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Source file test/fixedbugs/bug120.go

Documentation: test/fixedbugs

  // run
  
  // Copyright 2009 The Go Authors. All rights reserved.
  // Use of this source code is governed by a BSD-style
  // license that can be found in the LICENSE file.
  
  package main
  
  import "os"
  import "strconv"
  
  type Test struct {
  	f   float64
  	in  string
  	out string
  }
  
  var tests = []Test{
  	Test{123.5, "123.5", "123.5"},
  	Test{456.7, "456.7", "456.7"},
  	Test{1e23 + 8.5e6, "1e23+8.5e6", "1.0000000000000001e+23"},
  	Test{100000000000000008388608, "100000000000000008388608", "1.0000000000000001e+23"},
  	Test{1e23 + 8388609, "1e23+8388609", "1.0000000000000001e+23"},
  
  	// "x" = the floating point value from converting the string x.
  	// These are exactly representable in 64-bit floating point:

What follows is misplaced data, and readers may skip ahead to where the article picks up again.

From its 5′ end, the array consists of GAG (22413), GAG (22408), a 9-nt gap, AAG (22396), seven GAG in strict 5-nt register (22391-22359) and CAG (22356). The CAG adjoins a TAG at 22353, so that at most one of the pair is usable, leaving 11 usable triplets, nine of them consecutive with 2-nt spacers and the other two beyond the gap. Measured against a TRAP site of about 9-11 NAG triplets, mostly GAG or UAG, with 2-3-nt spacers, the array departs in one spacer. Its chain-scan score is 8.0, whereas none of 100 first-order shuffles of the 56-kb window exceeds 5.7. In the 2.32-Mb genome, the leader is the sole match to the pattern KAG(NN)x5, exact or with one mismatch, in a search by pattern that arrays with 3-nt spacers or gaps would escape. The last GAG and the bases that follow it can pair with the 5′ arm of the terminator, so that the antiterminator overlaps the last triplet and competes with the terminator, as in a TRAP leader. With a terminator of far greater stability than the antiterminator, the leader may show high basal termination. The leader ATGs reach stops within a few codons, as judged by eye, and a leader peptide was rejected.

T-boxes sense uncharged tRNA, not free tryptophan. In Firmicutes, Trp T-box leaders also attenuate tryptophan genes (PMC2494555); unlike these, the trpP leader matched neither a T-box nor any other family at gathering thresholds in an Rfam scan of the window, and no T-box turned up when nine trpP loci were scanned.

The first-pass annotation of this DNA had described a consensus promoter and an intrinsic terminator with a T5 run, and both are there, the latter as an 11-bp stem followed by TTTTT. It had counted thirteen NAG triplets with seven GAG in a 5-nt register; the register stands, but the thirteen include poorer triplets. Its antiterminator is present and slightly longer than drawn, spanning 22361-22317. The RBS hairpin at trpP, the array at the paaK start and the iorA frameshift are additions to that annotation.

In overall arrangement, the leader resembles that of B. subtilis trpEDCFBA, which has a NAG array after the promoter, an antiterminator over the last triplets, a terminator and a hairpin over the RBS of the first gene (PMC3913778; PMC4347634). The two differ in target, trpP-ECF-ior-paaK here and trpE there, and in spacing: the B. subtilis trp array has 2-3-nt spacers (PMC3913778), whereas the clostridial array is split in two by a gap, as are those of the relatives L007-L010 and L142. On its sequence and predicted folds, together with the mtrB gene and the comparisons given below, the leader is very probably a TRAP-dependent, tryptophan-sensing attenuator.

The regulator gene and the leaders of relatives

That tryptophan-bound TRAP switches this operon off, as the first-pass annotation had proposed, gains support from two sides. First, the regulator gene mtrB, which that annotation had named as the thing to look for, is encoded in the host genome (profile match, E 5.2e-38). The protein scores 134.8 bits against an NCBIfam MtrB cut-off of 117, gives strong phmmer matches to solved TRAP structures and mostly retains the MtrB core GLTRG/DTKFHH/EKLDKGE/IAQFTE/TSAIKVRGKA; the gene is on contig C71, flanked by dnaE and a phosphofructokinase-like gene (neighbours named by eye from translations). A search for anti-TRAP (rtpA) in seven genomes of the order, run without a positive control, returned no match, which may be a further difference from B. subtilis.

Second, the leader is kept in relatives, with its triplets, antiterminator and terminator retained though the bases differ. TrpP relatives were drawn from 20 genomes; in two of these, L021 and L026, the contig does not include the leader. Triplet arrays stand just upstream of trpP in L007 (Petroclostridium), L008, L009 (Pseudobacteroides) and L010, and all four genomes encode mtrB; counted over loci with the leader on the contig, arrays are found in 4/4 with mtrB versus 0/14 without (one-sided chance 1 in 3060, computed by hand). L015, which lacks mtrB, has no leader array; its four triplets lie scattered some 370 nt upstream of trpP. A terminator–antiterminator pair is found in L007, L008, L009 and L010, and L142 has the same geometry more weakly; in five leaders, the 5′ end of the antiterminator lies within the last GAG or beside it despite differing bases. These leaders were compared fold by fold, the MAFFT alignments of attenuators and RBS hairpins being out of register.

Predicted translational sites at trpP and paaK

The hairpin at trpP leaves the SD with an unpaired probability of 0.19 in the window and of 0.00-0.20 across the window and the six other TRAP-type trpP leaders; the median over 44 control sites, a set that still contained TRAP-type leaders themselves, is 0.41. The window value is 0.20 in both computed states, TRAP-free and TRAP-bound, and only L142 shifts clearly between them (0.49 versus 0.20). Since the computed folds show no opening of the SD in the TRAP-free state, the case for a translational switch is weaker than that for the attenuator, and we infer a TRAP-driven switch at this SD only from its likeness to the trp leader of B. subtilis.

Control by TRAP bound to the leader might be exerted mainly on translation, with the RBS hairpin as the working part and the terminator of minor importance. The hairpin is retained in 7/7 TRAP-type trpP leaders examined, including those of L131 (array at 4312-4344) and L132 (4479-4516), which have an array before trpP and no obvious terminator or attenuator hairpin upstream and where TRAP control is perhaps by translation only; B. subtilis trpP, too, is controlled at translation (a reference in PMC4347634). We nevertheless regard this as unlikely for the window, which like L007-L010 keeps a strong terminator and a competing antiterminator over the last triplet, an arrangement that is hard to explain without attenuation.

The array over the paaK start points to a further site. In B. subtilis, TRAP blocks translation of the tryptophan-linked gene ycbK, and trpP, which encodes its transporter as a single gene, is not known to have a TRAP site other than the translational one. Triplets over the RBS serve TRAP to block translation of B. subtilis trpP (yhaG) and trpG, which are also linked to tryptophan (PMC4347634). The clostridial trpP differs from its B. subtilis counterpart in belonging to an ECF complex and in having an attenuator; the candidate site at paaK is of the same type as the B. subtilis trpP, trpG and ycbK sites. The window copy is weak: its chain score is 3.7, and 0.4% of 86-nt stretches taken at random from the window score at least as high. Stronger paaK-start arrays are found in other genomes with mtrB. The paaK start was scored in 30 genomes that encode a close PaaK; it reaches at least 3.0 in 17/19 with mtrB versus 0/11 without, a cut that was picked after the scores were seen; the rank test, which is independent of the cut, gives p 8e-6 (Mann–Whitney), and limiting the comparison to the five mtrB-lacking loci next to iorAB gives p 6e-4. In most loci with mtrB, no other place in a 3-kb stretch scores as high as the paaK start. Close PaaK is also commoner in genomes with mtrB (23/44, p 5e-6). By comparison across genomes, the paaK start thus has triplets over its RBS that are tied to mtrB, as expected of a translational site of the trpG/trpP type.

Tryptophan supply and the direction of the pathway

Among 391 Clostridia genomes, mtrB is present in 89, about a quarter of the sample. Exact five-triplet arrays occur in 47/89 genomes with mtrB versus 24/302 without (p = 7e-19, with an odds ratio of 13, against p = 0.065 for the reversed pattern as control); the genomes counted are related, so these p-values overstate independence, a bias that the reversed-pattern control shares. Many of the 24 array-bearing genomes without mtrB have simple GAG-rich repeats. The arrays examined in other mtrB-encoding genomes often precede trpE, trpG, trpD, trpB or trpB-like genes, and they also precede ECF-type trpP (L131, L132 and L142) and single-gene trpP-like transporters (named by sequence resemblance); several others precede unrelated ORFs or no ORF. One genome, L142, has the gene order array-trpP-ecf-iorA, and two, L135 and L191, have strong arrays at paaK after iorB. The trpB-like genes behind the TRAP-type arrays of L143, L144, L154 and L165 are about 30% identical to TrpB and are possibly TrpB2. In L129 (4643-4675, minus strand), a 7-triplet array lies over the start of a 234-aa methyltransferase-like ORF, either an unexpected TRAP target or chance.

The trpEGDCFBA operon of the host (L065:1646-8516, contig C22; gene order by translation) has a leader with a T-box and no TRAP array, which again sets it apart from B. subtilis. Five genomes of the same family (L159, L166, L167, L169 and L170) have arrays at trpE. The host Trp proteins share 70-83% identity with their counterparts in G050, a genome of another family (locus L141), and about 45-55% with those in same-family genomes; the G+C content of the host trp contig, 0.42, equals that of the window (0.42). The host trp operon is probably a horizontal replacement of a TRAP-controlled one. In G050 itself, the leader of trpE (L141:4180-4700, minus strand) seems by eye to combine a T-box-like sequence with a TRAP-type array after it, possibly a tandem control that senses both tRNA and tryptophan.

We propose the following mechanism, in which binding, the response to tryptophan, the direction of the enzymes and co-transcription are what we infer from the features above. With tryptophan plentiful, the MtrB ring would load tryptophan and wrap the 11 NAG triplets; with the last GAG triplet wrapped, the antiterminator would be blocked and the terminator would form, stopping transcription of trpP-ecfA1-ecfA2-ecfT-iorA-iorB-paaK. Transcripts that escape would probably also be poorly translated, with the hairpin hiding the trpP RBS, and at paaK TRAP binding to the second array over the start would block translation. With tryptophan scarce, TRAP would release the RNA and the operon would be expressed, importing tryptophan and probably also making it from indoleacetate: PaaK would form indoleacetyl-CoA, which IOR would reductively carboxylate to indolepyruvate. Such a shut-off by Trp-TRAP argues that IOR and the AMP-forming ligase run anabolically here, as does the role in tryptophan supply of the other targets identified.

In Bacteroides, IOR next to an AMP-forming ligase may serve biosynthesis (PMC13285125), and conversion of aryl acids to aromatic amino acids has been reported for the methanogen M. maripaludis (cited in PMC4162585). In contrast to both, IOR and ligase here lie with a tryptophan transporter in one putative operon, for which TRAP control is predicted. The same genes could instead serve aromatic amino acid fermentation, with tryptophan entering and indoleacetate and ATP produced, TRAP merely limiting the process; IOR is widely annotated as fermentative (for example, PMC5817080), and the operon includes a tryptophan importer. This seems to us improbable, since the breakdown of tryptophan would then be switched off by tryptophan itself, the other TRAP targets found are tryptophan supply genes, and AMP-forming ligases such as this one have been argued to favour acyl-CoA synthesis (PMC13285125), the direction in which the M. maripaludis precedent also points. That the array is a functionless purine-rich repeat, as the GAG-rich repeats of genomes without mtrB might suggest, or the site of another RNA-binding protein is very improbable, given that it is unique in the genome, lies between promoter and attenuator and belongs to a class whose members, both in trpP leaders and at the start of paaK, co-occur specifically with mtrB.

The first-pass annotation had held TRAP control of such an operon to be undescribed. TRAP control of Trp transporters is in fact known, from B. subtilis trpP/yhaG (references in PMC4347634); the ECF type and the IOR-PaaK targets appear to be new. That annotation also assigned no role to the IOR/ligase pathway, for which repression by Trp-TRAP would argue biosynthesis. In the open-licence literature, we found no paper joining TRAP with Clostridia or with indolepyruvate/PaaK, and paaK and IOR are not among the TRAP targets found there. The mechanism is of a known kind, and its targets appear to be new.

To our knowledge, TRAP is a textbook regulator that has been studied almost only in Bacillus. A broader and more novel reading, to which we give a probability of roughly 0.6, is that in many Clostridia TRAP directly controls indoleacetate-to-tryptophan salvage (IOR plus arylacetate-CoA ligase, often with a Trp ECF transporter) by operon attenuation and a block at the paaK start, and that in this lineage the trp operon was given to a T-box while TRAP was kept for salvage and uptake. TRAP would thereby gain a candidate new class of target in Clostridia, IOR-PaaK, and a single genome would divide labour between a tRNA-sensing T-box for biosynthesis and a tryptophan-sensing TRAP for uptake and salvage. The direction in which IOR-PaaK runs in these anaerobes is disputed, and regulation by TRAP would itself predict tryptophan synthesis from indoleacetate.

//	1e23-8388608
  	//	1e23+8388608
  	// The former has an even mantissa, so "1e23" rounds to 1e23-8388608.
  	// If "1e23+8388608" is implemented as "1e23" + "8388608",
  	// that ends up computing 1e23-8388608 + 8388608 = 1e23,
  	// which rounds back to 1e23-8388608.
  	// The correct answer, of course, would be "1e23+8388608" = 1e23+8388608.
  	// This is not going to be correct until 6g has multiprecision floating point.
  	// A simpler case is "1e23+1", which should also round to 1e23+8388608.
  	Test{1e23 + 8.388608e6, "1e23+8.388608e6", "1.0000000000000001e+23"},
  	Test{1e23 + 1, "1e23+1", "1.0000000000000001e+23"},
  }
  
  func main() {
  	ok := true
  	for i := 0; i < len(tests); i++ {
  		t := tests[i]
  		v := strconv.FormatFloat(t.f, 'g', -1, 64)
  		if v != t.out {
  			println("Bad float64 const:", t.in, "want", t.out, "got", v)
  			x, err := strconv.ParseFloat(t.out, 64)
  			if err != nil {
  				println("bug120: strconv.Atof64", t.out)
  				panic("fail")
  			}
  			println("\twant exact:", strconv.FormatFloat(x, 'g', 1000, 64))
  			println("\tgot exact: ", strconv.FormatFloat(t.f, 'g', 1000, 64))
  			ok = false
  		}
  	}
  	if !ok {
  		os.Exit(1)
  	}
  }
  

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